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 Table of Contents  
ORIGINAL ARTICLE
Year : 2023  |  Volume : 12  |  Issue : 1  |  Page : 51

Sterilizing orthodontic appliances: A systematic review and meta-analysis on the available methods


1 Department of Clinical Sciences, Center of Medical and Bio-Allied Health Sciences Research, College of Dentistry, Ajman University, Ajman, United Arab Emirates
2 Orthodontic Division, Preventive Dentistry Department, Orthodontic Division, College of Dentistry, Jouf University, Sakaka, Saudi Arabia; Department of Dental Research Cell, Saveetha Dental College and Hospitals, Saveetha Institute of Medical and Technical Sciences. Chennai, Tamil Nadu, India; Department of Public Health, Faculty of Allied Health Sciences, Daffodil lnternational University, Ashulia, Dhaka, Bangladesh
3 Orthodontic Specialist, Practicing in Dental Clinic, AlBaha, Saudi Arabia
4 School of Dental Sciences, Universiti Sains Malaysia, Kota Bharu, Malaysia
5 Orthodontic Consultant, Aseer Specialized Dental Center, Abha, Saudi Arabia

Date of Submission10-Apr-2023
Date of Decision27-Apr-2023
Date of Acceptance27-Apr-2023
Date of Web Publication04-Sep-2023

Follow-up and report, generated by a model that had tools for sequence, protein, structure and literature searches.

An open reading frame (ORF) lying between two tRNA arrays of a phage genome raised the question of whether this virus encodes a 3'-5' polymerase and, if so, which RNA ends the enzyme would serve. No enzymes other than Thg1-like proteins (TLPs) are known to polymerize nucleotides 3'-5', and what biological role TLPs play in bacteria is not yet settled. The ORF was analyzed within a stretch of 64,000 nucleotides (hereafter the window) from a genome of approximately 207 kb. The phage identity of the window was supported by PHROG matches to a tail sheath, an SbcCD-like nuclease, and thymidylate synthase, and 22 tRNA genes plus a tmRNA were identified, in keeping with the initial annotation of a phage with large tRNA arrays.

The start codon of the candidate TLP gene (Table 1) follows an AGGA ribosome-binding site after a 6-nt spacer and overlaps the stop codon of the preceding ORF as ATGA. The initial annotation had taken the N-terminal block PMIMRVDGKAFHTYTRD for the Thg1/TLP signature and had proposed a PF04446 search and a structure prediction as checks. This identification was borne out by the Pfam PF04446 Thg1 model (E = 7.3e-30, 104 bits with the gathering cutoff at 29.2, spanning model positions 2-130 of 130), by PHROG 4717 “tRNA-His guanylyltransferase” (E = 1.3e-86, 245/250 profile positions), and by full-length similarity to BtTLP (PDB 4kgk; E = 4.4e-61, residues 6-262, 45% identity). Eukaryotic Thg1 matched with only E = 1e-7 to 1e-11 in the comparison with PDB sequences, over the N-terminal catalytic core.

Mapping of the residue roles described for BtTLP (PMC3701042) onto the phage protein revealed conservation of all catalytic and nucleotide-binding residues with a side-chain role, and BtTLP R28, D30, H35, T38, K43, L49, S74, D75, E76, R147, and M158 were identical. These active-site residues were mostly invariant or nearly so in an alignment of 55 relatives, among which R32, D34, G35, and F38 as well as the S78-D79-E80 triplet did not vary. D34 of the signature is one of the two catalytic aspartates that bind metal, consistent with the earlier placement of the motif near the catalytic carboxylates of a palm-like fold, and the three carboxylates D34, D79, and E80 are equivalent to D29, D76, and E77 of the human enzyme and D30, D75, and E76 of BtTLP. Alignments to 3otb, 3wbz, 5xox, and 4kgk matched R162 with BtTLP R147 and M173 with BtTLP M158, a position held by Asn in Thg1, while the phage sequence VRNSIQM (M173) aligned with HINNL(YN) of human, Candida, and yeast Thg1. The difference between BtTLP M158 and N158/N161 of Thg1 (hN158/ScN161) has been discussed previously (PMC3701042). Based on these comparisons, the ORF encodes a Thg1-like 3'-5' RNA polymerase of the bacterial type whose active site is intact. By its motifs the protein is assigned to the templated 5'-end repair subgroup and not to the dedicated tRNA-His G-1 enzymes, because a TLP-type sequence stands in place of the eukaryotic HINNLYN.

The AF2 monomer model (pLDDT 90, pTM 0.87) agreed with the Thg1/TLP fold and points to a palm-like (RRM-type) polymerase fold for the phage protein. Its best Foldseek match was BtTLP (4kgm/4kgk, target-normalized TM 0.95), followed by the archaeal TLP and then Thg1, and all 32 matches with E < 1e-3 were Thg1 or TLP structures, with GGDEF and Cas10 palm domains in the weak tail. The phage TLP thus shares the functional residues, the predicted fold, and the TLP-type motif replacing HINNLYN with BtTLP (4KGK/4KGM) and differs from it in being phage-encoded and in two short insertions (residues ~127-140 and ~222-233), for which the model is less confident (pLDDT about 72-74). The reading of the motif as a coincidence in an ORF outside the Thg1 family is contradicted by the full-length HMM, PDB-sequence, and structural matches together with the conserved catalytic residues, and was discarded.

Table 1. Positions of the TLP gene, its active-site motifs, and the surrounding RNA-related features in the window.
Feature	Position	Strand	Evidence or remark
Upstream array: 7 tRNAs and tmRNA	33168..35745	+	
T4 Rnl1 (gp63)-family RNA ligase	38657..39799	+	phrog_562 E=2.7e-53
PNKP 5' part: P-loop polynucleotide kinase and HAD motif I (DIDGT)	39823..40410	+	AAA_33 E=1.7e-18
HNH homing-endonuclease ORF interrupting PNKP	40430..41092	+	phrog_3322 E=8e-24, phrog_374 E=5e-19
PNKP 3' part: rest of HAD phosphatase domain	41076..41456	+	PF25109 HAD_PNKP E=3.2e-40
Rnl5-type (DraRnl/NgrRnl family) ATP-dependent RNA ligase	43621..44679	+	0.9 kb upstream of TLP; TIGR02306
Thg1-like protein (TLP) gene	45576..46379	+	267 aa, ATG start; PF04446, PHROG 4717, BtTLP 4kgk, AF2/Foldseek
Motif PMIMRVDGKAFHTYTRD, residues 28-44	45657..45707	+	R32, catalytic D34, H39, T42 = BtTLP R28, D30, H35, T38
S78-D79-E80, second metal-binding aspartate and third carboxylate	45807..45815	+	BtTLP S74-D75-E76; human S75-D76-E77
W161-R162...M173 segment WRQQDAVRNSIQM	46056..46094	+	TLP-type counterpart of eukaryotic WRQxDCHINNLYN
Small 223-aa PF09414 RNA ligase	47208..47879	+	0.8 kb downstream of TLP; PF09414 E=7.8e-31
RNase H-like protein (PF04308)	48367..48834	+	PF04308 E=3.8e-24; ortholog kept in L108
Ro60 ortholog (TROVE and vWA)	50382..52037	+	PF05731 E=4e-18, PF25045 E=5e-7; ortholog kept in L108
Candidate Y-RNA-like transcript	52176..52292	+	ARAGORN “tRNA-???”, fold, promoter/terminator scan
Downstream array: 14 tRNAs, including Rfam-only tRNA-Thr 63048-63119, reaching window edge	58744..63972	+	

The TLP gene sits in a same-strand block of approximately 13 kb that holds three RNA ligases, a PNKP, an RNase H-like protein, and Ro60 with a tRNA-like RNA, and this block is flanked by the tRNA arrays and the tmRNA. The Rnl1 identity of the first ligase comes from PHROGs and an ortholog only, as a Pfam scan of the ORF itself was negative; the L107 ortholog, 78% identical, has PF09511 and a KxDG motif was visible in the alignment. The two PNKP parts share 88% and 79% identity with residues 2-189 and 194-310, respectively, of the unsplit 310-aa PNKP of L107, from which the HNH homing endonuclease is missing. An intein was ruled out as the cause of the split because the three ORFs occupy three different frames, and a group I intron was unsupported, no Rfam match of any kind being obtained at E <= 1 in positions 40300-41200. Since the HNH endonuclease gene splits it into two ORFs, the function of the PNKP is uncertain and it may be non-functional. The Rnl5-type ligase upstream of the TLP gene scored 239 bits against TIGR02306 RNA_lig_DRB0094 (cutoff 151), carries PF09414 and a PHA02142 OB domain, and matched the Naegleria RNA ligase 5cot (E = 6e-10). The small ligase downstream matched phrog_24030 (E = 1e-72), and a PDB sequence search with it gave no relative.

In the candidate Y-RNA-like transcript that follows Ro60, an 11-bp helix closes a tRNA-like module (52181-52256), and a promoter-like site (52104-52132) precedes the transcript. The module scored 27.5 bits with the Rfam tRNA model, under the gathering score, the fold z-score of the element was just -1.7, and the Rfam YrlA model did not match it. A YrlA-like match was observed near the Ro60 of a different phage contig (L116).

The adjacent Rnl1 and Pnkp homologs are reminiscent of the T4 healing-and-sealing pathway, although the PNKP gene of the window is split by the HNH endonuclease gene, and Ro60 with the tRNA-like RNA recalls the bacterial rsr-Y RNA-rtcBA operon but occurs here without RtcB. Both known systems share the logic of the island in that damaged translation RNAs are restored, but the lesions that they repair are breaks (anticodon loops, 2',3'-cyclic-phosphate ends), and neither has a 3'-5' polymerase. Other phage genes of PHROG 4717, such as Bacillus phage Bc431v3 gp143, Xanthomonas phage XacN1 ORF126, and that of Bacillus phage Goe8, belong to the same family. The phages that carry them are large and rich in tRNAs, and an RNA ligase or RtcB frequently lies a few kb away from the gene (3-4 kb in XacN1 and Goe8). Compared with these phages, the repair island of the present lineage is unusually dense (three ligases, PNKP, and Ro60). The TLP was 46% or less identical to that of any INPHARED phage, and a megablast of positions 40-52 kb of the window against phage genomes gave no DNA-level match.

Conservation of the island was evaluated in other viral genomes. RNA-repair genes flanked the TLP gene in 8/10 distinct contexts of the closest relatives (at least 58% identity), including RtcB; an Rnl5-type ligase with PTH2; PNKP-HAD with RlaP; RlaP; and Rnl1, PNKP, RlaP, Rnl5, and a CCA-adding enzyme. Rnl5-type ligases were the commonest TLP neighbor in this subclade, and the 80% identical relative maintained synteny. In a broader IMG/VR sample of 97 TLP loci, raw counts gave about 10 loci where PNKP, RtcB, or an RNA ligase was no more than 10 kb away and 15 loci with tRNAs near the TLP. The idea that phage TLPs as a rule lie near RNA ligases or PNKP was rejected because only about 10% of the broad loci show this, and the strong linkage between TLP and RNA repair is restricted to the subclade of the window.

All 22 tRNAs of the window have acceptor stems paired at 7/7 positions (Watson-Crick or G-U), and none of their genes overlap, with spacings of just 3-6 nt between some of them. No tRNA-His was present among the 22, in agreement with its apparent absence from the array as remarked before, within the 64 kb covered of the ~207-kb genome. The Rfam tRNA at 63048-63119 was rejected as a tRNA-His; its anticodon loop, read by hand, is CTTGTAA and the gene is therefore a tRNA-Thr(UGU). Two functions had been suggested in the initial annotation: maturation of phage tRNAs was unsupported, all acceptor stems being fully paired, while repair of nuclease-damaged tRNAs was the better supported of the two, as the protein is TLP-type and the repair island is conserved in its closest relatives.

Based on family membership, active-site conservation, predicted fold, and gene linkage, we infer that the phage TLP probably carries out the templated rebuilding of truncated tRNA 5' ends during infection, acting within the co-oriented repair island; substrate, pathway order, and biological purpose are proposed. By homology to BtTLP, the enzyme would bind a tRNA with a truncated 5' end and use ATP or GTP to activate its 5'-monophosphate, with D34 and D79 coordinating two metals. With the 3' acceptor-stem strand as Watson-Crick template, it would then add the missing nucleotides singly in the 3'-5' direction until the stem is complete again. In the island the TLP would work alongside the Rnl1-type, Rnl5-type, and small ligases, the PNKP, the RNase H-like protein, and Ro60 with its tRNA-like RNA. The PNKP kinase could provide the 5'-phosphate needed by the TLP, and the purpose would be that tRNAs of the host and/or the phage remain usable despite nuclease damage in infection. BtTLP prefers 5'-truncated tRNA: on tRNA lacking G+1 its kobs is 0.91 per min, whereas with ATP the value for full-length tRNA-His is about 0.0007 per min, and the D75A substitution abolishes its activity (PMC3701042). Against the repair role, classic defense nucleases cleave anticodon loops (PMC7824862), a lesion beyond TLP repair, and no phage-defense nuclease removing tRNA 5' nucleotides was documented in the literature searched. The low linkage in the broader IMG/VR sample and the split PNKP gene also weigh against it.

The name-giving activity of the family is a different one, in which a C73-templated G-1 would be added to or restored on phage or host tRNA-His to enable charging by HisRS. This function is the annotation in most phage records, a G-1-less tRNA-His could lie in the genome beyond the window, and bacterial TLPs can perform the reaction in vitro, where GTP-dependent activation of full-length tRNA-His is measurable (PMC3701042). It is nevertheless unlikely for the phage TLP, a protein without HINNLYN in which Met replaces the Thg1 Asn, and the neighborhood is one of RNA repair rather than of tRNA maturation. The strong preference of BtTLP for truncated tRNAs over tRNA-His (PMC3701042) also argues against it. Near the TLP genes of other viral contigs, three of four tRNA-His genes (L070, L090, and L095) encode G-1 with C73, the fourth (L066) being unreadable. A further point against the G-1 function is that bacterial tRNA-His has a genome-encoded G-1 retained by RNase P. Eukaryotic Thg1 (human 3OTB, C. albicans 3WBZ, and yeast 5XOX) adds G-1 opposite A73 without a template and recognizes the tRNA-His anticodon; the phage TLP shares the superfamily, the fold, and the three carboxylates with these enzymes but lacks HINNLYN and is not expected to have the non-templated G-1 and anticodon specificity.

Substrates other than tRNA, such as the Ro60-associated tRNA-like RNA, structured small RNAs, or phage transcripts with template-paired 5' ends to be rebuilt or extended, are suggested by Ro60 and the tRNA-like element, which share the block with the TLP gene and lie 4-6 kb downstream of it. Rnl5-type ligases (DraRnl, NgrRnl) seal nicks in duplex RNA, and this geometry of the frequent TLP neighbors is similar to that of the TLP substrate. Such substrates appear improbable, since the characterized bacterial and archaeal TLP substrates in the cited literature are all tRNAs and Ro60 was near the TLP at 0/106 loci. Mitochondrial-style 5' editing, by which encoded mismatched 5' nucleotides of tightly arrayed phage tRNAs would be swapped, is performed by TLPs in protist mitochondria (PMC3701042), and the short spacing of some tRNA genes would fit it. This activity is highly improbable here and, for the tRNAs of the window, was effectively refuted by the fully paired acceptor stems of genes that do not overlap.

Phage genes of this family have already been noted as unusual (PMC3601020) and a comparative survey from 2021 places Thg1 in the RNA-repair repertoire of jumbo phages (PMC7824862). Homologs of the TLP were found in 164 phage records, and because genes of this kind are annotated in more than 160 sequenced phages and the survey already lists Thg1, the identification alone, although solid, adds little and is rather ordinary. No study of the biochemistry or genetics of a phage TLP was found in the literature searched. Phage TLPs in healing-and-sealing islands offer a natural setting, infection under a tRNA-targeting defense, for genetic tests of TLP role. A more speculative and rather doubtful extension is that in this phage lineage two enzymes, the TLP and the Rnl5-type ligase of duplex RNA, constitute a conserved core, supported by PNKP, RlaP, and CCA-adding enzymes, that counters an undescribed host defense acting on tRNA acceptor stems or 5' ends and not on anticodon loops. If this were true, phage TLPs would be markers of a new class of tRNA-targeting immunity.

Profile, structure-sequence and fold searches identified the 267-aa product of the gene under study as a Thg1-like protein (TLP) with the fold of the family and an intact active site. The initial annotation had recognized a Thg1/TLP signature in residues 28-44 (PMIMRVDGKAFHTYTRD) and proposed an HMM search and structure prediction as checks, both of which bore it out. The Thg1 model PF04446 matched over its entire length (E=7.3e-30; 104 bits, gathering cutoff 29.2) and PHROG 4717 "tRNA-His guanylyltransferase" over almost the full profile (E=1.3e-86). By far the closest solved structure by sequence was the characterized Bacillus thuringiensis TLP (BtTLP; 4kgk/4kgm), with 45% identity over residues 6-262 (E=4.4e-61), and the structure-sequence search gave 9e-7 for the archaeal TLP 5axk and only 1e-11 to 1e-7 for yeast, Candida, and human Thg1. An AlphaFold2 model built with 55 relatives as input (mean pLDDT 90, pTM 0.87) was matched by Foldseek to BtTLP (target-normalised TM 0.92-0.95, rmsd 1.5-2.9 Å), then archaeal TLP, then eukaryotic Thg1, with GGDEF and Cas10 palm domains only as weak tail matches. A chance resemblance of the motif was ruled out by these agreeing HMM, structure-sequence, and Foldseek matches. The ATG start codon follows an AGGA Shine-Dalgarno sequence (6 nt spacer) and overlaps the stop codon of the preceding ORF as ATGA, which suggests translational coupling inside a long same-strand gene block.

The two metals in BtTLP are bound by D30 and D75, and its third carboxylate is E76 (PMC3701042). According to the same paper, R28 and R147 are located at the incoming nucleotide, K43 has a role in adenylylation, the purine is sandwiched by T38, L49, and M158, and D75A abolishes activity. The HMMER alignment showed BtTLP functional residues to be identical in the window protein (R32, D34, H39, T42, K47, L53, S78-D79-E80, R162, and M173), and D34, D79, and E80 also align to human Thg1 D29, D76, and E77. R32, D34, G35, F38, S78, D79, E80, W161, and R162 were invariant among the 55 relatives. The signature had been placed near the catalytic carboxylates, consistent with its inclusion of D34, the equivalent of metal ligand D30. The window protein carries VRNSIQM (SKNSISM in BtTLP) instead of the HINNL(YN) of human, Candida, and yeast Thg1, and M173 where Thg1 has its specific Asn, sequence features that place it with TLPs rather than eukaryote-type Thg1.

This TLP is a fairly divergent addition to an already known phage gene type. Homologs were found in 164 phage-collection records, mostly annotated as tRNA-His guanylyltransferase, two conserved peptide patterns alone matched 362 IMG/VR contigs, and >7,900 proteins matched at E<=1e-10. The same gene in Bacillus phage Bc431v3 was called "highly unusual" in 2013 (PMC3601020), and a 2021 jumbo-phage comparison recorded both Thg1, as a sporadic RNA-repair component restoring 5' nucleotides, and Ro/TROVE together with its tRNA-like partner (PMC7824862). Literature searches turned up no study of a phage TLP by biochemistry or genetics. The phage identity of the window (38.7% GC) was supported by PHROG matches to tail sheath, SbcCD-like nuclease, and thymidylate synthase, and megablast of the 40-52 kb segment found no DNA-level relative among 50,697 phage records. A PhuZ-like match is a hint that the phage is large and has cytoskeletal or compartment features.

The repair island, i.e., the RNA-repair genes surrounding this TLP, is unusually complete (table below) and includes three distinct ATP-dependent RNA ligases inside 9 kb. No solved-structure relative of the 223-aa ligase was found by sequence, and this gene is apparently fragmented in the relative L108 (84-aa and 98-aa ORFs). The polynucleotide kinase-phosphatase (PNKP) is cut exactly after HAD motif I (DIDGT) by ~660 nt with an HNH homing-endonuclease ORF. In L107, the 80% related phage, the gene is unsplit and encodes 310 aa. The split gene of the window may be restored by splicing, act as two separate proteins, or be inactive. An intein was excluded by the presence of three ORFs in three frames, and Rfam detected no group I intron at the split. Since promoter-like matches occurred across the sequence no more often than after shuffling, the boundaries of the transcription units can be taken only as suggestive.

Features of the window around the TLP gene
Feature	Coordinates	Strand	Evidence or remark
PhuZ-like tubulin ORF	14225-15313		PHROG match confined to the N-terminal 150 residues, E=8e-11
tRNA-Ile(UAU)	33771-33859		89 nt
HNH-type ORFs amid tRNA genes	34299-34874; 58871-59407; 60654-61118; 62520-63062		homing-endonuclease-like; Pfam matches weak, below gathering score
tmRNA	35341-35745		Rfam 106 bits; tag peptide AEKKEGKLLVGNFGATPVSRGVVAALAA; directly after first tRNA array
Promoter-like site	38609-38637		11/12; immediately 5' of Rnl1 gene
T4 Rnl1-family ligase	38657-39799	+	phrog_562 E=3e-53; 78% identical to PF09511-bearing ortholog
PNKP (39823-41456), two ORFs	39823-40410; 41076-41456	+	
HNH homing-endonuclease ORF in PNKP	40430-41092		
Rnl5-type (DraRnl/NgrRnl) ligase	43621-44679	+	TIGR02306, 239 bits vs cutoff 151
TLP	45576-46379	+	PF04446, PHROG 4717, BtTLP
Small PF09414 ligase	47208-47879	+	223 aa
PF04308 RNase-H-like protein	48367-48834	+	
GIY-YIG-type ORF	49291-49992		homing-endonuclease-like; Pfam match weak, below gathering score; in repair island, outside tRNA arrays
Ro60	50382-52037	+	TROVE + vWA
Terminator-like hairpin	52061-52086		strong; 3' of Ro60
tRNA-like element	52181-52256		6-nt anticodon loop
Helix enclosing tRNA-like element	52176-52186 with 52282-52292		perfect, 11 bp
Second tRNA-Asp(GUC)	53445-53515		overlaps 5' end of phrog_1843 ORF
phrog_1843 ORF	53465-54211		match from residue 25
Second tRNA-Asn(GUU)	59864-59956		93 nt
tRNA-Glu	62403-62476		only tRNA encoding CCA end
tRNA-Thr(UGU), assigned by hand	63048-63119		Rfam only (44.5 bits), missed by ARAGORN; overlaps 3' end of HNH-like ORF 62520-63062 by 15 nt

Correspondence Address:
Mohammad Khursheed Alam
Orthodontic Division, Preventive Dentistry Department, Orthodontic Division, College of Dentistry, Jouf University, Sakaka 72345

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Source of Support: None, Conflict of Interest: None


DOI: 10.4103/jos.jos_53_23

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  Abstract 


Infection control is essential to protect both the doctor and the patient by preventing the spread of infectious diseases. There is no exception in the field of dentistry, particularly in orthodontics, where numerous appliances are used for a variety of functions and also because the mouth cavity has the highest concentration of bacteria of any body part. Through this systematic review, we aimed to assess the various methods of sterilization employed in an orthodontic setting. Using relevant keywords, reference searches, and citation searches, the databases such as PubMed, MEDLINE, Web of Science, Cochrane, and Scopus were all searched; a total of 206 documents were found, of which 113 were initially selected. The remaining 23 distinct papers were initially made available after 90 publications that were identical to or similar to one another were eliminated. The final selection was made from eight documents that met all inclusion and exclusion requirements. The existing methods of sterilization were found to be competent in dealing with the microorganisms found in a typical orthodontic setting. The chemical method of sterilization was the norm in most of the studies that we assessed, with glutaraldehyde and peracetic acid (PAA) being the most commonly employed compounds for disinfection.